So if we're attentive we will see ourselves in our little games, wanting, hoping, expecting. We'll see ourselves trying to control our environment or trying always to figure things out. Why did this happen, what does it mean? As our house hit the market on Thursday I could see this. Until now we have just been working away, focused on the many hours of painting, sprucing and tidying that went into preparing the house for sale. What, the closets need to be neat as a pin, all the kitchen cabinets too, and the basement? But underlying all this work is some expectation that this will make the house sell. I even (for shame) snuck into the yard next door and tidied the pile of old barbecues and strollers that sat in clear view of one of our windows. Pragmatic yes? Am I trying to control outcomes? Yes. I did it out of frustration and longing after several friendly chats with the upstairs neighbours produced no tidying results.

But for me where I really get lost is in the "how I feel about it" part. I love working with what arises, that is my passion, seeing where I hope, seeing how I try to control or make sense of the unknowable. But I am easily lost in the "I wish that didn't make me so mad" or "I wish I was more compassionate", or "I shouldn't feel that way."

So Bayda's article really called out to me, reminding me that it's all okay, the passing clouds of the day. Yes I can do my practice and yes it may change me in the long run but it's really about just being here with "the anxious quiver of being"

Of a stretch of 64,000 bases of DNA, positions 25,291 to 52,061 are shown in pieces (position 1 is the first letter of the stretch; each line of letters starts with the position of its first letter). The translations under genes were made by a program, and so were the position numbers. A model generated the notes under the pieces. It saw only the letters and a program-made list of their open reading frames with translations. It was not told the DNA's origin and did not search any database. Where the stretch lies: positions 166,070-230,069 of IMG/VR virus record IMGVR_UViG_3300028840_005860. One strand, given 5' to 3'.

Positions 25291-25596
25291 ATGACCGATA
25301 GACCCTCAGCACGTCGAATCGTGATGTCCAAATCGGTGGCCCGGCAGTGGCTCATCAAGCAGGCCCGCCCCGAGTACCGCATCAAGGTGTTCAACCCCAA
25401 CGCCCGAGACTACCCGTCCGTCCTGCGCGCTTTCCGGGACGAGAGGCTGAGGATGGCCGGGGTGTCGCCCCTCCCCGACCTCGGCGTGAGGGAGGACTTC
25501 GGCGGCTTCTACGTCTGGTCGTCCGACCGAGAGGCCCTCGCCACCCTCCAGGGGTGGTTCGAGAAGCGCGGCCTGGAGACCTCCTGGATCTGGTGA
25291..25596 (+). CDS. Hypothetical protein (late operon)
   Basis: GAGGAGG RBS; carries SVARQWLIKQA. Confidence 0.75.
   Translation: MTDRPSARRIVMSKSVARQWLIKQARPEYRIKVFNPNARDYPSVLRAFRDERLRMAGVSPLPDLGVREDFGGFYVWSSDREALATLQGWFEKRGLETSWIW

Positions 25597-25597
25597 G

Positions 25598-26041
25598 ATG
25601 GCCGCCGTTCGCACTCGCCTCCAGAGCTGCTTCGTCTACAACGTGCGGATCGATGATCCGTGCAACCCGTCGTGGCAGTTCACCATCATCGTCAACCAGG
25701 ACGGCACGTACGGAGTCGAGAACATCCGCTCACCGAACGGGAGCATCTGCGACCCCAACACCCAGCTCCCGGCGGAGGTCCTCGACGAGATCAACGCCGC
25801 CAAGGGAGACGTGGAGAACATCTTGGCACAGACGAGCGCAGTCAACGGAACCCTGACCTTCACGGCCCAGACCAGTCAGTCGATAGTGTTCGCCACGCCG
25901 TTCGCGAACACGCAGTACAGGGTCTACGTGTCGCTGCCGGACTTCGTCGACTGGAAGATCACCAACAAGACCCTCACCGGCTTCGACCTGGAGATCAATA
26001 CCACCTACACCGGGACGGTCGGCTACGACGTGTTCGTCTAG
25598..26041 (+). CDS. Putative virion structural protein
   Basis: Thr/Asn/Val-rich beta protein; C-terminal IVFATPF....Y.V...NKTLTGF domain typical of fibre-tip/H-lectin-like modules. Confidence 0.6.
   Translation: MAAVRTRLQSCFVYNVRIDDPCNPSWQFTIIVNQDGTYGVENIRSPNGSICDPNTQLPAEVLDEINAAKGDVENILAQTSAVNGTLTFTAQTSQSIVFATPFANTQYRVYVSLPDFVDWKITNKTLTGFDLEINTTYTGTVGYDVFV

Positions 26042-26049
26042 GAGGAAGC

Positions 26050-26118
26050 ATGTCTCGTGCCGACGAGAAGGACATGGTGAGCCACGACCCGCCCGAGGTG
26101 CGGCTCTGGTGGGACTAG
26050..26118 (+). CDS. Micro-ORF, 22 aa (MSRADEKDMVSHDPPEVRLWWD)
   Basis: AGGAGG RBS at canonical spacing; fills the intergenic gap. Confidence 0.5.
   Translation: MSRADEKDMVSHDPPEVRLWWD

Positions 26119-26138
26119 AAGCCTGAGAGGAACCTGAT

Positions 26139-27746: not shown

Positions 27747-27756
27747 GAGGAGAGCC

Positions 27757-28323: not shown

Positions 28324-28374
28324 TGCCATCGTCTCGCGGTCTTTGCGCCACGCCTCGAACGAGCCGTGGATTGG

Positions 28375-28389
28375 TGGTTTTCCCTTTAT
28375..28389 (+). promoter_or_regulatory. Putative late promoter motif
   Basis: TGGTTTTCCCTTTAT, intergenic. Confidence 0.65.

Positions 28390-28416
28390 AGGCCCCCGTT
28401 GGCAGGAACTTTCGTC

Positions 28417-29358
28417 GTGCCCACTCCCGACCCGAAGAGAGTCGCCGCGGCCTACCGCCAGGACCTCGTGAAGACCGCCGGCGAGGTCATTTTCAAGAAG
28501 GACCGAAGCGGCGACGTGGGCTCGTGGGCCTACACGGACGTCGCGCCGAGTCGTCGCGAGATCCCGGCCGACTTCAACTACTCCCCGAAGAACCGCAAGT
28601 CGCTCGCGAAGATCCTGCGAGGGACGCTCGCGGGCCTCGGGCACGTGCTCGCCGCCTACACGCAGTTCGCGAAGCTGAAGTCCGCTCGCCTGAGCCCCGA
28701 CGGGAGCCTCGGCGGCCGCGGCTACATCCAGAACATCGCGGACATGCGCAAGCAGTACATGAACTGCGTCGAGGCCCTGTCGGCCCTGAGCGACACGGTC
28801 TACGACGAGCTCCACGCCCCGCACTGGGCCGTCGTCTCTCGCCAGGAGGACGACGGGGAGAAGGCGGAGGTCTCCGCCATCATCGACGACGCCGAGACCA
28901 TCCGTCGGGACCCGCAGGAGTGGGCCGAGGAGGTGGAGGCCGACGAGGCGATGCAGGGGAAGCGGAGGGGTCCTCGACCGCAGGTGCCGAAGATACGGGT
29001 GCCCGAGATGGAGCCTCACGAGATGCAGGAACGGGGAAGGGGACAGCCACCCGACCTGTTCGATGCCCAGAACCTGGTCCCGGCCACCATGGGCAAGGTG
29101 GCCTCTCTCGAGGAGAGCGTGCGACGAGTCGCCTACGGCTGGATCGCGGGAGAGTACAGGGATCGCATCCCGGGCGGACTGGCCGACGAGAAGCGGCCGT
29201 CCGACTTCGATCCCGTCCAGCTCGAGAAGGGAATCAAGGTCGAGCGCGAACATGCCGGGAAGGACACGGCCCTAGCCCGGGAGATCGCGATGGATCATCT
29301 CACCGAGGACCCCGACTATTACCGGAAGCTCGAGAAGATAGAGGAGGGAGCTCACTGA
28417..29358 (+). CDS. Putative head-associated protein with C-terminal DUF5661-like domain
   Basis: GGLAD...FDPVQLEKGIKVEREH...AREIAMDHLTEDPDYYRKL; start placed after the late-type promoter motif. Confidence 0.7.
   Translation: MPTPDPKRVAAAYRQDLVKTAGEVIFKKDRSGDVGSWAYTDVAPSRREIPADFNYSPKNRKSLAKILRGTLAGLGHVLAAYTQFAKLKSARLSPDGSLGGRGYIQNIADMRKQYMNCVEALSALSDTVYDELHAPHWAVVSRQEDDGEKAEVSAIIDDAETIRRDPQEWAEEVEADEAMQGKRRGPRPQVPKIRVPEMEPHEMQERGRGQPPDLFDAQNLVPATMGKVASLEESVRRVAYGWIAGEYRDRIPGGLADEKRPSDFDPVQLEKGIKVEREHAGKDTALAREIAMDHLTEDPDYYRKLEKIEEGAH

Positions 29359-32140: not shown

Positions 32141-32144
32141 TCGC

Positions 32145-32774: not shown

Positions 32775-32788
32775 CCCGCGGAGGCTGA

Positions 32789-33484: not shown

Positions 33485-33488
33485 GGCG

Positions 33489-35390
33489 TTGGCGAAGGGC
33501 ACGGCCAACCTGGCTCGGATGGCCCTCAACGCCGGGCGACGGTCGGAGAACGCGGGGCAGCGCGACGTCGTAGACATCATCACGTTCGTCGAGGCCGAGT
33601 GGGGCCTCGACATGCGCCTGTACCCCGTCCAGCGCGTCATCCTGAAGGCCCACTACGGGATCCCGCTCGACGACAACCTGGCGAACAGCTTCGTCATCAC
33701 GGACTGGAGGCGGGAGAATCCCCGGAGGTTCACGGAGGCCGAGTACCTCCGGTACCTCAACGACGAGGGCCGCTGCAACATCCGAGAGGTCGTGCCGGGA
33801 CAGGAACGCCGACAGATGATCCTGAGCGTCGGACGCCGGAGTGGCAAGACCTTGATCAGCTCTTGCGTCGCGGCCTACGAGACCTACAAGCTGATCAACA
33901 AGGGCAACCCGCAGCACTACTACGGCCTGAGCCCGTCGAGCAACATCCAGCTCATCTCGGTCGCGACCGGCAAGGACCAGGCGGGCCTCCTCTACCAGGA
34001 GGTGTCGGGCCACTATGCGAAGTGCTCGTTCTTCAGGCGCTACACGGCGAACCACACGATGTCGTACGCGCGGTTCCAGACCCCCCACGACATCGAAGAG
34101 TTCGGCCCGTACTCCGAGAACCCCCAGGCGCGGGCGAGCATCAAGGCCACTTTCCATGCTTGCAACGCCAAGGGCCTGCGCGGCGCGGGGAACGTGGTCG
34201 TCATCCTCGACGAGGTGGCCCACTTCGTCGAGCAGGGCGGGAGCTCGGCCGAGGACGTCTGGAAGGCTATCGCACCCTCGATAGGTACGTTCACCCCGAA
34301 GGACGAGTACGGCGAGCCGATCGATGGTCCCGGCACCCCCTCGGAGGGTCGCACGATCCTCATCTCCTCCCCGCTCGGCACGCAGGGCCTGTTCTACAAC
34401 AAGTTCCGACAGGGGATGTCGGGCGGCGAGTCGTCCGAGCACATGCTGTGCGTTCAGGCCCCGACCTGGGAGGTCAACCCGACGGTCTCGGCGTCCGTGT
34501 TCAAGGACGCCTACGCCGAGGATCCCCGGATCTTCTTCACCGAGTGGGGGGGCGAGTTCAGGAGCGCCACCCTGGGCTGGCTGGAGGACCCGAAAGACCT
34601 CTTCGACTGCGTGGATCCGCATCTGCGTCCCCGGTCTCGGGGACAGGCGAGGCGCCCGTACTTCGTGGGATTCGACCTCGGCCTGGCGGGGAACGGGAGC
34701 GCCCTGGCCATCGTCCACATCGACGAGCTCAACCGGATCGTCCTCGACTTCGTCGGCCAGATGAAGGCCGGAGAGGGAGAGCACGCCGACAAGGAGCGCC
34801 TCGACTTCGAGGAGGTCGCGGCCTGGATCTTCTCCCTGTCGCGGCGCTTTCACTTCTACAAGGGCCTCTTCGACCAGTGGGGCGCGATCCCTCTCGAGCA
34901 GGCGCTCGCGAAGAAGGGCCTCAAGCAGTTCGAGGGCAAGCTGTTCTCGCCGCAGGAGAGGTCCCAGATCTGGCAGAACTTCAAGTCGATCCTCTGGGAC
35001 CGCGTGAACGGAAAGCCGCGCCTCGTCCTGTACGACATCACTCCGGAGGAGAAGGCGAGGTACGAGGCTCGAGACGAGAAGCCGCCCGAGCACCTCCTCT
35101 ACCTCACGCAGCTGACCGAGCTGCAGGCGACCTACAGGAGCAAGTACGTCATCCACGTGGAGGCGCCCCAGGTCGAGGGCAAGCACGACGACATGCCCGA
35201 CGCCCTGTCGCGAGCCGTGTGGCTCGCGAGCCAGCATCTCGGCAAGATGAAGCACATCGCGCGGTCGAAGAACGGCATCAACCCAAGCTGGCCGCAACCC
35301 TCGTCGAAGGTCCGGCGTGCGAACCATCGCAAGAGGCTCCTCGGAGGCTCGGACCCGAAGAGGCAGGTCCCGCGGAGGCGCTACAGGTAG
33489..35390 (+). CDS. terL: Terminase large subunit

There is lots of grist for the mill as our house hits the market, as I prepare to do my mother's paper work and settle her affairs. I will even confess to using a feng shui method to help with the sale of the house, (hoping in action??) that Erin from Dragon Horse told me about. It's a fun little tidbit that you want to know, right? She gave me a little red envelope. In it you put some dirt from your garden, something metal from your kitchen and a piece of wood from a baseboard. You throw all this into a fast running river! Have I resorted to magical thinking or am I just working with unseen energies?

So there it is. Our life as the path. Mostly we know this but it is so easy to loose our way. What comes to us is our practice, not our ideas of how practice or life should or shouldn't be. Each little morsel of our experience is as flavourful as the next if we just let the taste rest on our tongue, not preferring the sweet to the bitter.